Ribbons - Art Snacks Tombow Box

Rainbow Art Journal – Valley Cottage

I had this page that was covered in smears and spatters of leftover green paint, washi tape, and offcuts of origami paper.  I had placed the collage elements with the intention of them eventually becoming some sort of landscape.  Once I began to draw lines around the patches, the drawing started to take form and I had the idea of where the cottage should be placed within the scene.  The finished piece is reminiscent of a journal page I created in 2017 and a page from the orange section of this rainbow art journal.  I guess this is my style and approach to landscapes.

49 - Valley Cottage

Coral Orbs

This is the art journal page I created with this month’s Art Snacks supplies.  The figure is painted using two Faber-Castell markers that can be activated with water to imitate watercolour.  What I really got addicted to, however, was a Kuretake pen that makes circles.  I had thought I would just add a few dots in the background but clearly I got carried away.  You can see how  much of a battering I put my art journal through by how crinkled and buckled this page is.  It will flatten out over time because of the weight in the rest of the journal.  It’s one of the reasons why I find photographing my doodlings to be a challenge.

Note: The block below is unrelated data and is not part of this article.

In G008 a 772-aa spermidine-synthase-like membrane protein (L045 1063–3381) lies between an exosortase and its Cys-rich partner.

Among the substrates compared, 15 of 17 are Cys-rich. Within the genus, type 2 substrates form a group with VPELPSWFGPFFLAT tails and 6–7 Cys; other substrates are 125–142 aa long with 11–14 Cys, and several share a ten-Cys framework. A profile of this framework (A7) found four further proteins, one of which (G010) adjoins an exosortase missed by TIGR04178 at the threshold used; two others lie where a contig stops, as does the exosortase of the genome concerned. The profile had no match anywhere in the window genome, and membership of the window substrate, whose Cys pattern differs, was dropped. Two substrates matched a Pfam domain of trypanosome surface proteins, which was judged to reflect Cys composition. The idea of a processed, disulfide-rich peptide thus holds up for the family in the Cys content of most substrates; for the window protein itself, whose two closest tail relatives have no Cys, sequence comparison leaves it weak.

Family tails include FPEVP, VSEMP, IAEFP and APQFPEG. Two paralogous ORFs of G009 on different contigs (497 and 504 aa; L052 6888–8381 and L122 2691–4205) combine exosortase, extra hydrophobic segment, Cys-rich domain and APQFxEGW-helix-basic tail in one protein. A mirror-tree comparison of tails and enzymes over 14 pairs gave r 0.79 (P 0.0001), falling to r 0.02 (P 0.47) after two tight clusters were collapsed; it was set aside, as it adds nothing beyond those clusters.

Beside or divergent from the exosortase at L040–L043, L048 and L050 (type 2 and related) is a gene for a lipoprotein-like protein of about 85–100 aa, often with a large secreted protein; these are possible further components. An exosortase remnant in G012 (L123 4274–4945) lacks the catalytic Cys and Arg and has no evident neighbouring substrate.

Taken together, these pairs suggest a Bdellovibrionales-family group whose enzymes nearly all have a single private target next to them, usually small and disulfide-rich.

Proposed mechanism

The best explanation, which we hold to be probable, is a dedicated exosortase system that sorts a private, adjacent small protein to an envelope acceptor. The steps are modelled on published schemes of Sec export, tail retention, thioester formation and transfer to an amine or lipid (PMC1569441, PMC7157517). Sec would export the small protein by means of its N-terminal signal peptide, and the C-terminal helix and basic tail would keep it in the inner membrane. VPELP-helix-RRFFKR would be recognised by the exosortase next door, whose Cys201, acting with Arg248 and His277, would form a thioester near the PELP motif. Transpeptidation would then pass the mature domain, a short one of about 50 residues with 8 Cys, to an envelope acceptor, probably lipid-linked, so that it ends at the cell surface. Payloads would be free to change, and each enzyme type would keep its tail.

Art Snacks - Feb 2020

Rainbow Art Journal – Heart of the Forest

Will I create an illustration in the green section of my Rainbow Art Journal that does not involve foliage?  It is looking doubtful based on the evidence so far.  Women with antlers crop up in my artwork from time to time and I really don’t have an explanation for why or what they might symbolise for me.  I wish I had a deeper explanation than the fact I just seem to enjoy drawing this subject.  Also, I should probably develop my skills with painting leaves as I am pretty sure my abilities in that regard have not developed since my age was in single digits.

47 - Heart of the Forest

Woman in Red